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Sunday, September 24 2017 @ 10:44 AM CDT
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More History of Wildlife Streaming

Previous: Preface - Next: Camera Subjects

The real story of live streaming wildlife video on the internet actually began several years before our initial hookup. It began with two people in the Victoria, B.C. area at a place called Goldsteam Ecology Center a the end of the Malahat Highway, about 17 miles from downtown Victoria, British Columbia. Darren Copely was working at the center as the park’s biologist. His friend, Bob Chappel, an ex Canadian Forces electronics technician, collaborated with him on setting up several video cameras on various species.

They had set up cameras to watch bears, including having to “bear proof” them to guard them from being damaged by the bears, and they had set up a number of cameras around the Ecology Center on the estuary of Goldstream River. These cameras were connected to televisions in the center and allowed visitors to view some of the wildlife including fish, birds and bats, depending on the time of year. One camera was remotely controlled by visitors and could zoom in and follow events and wildlife out in areas that people were not allowed to get to.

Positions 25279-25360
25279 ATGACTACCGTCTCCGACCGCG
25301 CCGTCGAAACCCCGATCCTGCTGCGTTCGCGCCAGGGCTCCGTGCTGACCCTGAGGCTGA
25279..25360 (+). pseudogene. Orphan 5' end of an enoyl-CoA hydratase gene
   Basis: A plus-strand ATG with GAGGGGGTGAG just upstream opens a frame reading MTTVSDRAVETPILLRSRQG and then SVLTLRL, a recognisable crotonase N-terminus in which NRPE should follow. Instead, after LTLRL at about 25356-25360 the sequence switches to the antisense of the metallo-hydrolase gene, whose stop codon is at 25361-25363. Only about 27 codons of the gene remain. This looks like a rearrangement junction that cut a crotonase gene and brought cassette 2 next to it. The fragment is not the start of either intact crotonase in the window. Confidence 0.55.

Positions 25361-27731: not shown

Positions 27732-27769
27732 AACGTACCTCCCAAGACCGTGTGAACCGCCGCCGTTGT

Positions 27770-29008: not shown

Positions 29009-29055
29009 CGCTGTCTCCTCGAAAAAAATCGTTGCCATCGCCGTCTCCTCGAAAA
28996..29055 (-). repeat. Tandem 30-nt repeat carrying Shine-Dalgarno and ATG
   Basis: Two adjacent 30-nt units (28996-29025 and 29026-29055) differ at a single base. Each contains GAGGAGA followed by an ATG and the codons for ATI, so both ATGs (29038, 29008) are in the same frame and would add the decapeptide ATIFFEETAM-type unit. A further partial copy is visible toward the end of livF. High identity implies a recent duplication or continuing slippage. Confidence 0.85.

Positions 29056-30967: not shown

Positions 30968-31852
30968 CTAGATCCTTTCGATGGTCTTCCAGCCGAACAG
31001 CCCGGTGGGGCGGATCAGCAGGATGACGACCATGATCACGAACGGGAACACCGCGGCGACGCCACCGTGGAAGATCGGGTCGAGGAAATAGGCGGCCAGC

Bob has also put cameras in wood duck nests, on bee hives and in all manner of other urban and suburban wildlife situations. His time in the Canadian Navy wiring underwater electronics has stood him in good stead in that not one of the cameras or microphones we’ve had him build for us has failed for getting wet – and this in our fairly damp (400+ inches of rain/year in some sites) climate.

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